Rapid technological change is affecting all industries and the golf sector is no exception. The availability of organic products for turf management is increasing. Carrying Place Golf and Country Club operators are embracing these new products wholeheartedly. As with any new technologies, learning the best way to apply them takes some experimentation. Thus, some learning is achieved through trial and error, but follow up soil testing shows that the application of products such as kelp and humic acid is building stronger, healthier turf and supporting the growth of beneficial soil microbes.
The long term strategy at Carrying Place is to continue to put down more organic products, and to decrease the use of chemicals as turf health increases. Building healthy turf and soil takes time, but healthier turf is resistant to disease and pests. When infestations do occur, smaller amounts of chemicals are needed to regain balance. Learning how to best use natural products requires knowledge, patience, and strategic problem-solving. When chemicals are applied, this is done in a very targeted manner, only after a full assessment of specific turf conditions.
The spin off benefits of this approach are numerous. Turf managers are seeing an increase in staff engagement as creativity is required as staff embrace the challenge of experimenting with new methods. Natural materials cost less, but there is an increase in the need for manpower and volume of materials needed, so financial savings may or may not be significant. Environmentally, the development of strong healthy soil benefits golfers, turf managers, and the creatures that inhabit the course and surrounding waterways.
Carrying Place operators have expanded naturalized areas around the course. This practice not only protects water quality and creates habitat, it also helps dissuade geese from frequenting the course. Trees are maintained mindful of the creatures that rely on them for shelter and food, and Carrying Place participates in Operation Pollinator—an initiative to help golf courses transition land not used for play to support bee populations. One staff member is IPM certified, and practices such as selecting appropriate seed types to match course conditions support the effort to reduce water and chemical inputs. Water is tested regularly according to government regulations both for volume (the same level of water entering the course must leave the course), and for quality.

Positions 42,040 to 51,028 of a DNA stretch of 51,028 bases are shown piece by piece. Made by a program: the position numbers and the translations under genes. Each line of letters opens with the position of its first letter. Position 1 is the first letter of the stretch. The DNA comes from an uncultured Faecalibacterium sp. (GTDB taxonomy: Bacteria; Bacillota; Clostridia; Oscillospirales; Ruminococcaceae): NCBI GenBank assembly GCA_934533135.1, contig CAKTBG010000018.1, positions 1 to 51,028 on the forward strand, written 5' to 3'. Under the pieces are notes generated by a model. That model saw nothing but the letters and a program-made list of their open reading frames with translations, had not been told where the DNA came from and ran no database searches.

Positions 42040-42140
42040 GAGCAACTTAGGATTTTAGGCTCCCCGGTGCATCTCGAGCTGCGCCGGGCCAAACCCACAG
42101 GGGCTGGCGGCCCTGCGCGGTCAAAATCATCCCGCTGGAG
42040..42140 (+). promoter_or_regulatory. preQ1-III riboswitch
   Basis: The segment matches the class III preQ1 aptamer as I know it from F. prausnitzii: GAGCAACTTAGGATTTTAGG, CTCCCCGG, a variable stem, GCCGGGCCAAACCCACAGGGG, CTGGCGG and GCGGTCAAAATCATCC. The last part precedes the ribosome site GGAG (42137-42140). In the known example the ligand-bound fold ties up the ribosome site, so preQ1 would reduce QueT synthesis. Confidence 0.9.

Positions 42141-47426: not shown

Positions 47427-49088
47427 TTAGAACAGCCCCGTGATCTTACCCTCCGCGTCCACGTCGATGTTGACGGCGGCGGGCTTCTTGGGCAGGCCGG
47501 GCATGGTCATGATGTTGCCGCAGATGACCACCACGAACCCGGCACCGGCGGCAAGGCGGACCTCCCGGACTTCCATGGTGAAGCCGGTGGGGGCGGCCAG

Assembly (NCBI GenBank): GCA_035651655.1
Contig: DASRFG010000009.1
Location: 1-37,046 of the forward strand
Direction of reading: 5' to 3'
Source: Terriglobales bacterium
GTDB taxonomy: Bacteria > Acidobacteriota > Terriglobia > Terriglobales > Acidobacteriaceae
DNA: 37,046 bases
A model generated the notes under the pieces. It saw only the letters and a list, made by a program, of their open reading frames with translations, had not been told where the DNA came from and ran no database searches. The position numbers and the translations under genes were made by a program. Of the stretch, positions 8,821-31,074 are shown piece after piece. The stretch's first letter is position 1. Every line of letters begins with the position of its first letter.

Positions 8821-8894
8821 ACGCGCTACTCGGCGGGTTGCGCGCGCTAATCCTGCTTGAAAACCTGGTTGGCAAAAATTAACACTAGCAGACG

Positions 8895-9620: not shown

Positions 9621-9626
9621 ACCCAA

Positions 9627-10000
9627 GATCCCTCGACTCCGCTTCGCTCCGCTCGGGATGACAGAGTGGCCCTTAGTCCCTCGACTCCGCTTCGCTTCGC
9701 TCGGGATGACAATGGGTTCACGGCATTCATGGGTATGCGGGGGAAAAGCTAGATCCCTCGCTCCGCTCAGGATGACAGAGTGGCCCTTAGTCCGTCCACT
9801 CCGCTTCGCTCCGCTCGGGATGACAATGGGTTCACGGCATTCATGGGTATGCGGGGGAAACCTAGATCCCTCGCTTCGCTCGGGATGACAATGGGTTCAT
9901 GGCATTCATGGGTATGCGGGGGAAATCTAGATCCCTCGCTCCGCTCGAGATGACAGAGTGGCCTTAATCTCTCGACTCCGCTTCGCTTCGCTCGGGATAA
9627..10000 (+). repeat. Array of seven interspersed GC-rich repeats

As you wander the course at Carrying Place, keep your eye peeled for Ospreys, rabbits, squirrels, and bees. Remember that the staff are a resource and they are always open to respond to golfer questions. Unique to this course, one of the course members (an experienced birdwatcher) created a record of all the bird species that visit the course and has paired them with an audio recording of the sounds they produce.
The idea of a pristine immaculately-groomed environment is changing in the golf industry, and there is a strong network of golf courses working together to learn and move forward with more natural practices.